Paintings out of jail: the restoration of the paintings of Porto Azzurro.

On the 9th of April, at SACI (www.saci.florence.edu) a symposium was held on the paintings belonging to the Church of San Giacomo Maggiore the Fort of Elba, now the chapel of the current penitentiary.

The Symposium was an interesting opportunity to learn, thanks to the Superintendent of Pisa, Dott. Francesco D’Anselmo, the official Amedeo Mercurio and to Dr. Roberta Lapucci, head of the restoration department of SACI, about the history and the current status of the fortification built in 1603 on the initiative of Philip II, and the adjoining church. A nodal and strategic site to defend Elba and Argentario from pirate raids from the south and French attacks from the north. Depleted from this function, from the mid-nineteenth century the fortification was gradually converted to a penitential institution.

The paintings which belong to the church and were the subject of analysis and restoration are of the Florentine school and dated between the seventeenth and eighteenth century. They were donated by the Tuscan grand ducal court or commissioned by the governors of the Fort. The iconographic theme is centered on sacred subjects and honours the saints celebrated by the post-Tridentine tradition.

In 1987, because of a riot in the prison, the church was severely damaged and has since been abandoned.

Only now, thanks to the synergy between the SACI school and the Superintendent a project is being carried out to return to the public part of the goods stored here Art-Test has contributed a diagnostic campaign that has studied the first four paintings which underwent restoration. Both addressing conservation aspects and studying the genesis of the paintings through the study of the underlying composition, visualized thanks to reflectographic imaging performed.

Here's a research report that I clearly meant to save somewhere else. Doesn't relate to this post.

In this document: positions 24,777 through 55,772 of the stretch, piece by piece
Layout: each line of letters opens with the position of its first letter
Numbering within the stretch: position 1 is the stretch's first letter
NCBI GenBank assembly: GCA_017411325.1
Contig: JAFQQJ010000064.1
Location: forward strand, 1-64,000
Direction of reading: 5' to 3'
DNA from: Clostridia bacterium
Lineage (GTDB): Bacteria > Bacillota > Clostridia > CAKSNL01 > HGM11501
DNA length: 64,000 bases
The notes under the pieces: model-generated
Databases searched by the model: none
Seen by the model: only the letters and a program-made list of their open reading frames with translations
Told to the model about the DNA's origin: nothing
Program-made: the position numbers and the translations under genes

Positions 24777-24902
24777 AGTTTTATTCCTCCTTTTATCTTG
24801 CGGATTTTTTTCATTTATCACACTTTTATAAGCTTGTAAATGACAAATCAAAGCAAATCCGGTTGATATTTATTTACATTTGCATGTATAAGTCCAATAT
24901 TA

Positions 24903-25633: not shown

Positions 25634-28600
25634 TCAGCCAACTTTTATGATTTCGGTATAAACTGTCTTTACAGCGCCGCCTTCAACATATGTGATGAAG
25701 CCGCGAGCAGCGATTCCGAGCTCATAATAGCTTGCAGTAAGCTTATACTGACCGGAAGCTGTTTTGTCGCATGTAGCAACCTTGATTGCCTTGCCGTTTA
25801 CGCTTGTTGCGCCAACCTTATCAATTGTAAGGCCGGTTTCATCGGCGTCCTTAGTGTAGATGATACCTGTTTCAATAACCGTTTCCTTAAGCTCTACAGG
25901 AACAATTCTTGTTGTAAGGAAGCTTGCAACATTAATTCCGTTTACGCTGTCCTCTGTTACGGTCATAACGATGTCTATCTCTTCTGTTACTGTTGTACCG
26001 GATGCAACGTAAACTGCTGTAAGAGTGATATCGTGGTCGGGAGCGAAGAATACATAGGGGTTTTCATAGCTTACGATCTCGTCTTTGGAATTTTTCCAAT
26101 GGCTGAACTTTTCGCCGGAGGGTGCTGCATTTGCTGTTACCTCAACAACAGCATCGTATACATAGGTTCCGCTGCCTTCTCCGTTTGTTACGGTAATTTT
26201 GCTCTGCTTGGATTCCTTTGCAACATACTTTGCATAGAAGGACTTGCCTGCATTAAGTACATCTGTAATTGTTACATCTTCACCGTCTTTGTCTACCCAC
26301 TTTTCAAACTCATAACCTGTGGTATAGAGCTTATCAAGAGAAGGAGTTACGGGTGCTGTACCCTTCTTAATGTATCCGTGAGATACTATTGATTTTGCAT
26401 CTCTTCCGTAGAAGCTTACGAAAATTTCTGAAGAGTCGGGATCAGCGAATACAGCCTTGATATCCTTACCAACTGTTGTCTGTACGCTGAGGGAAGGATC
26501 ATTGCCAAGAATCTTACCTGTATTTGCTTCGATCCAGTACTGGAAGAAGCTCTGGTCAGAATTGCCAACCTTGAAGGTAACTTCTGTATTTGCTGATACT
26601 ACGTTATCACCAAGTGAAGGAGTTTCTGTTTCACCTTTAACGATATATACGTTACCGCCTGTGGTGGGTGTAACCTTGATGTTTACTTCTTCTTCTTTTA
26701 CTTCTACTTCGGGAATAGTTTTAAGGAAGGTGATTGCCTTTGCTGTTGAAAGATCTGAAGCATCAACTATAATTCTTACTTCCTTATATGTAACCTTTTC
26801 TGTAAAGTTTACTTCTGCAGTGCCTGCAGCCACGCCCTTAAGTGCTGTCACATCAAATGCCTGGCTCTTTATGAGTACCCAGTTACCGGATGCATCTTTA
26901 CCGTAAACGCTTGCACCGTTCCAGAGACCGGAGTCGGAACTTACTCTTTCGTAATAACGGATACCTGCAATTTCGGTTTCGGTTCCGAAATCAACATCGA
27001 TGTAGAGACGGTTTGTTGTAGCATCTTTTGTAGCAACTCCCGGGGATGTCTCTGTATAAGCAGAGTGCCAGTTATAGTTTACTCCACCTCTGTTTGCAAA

The day ended with a praise for the initiative, with the confirmation of the obvious need to recover a site so important to the history of Elba island but also with a reflection, as underlined by dr. Mercurio on what could be the future of the church’s art apparatus. Currently it is not foreseen for the church to be reopened to the public. The restored works if not relocated would still remain unseen by the community. Alternative solutions are therefore being sought after. An alternative way of exhibit could for example include showing the diagnostic surveys to add intriguing information and create fascinating opportunities for the curious tourist.

Here the link to a video of the exhibition https://www.youtube.com/watch?v=iS9Jb3GkM9o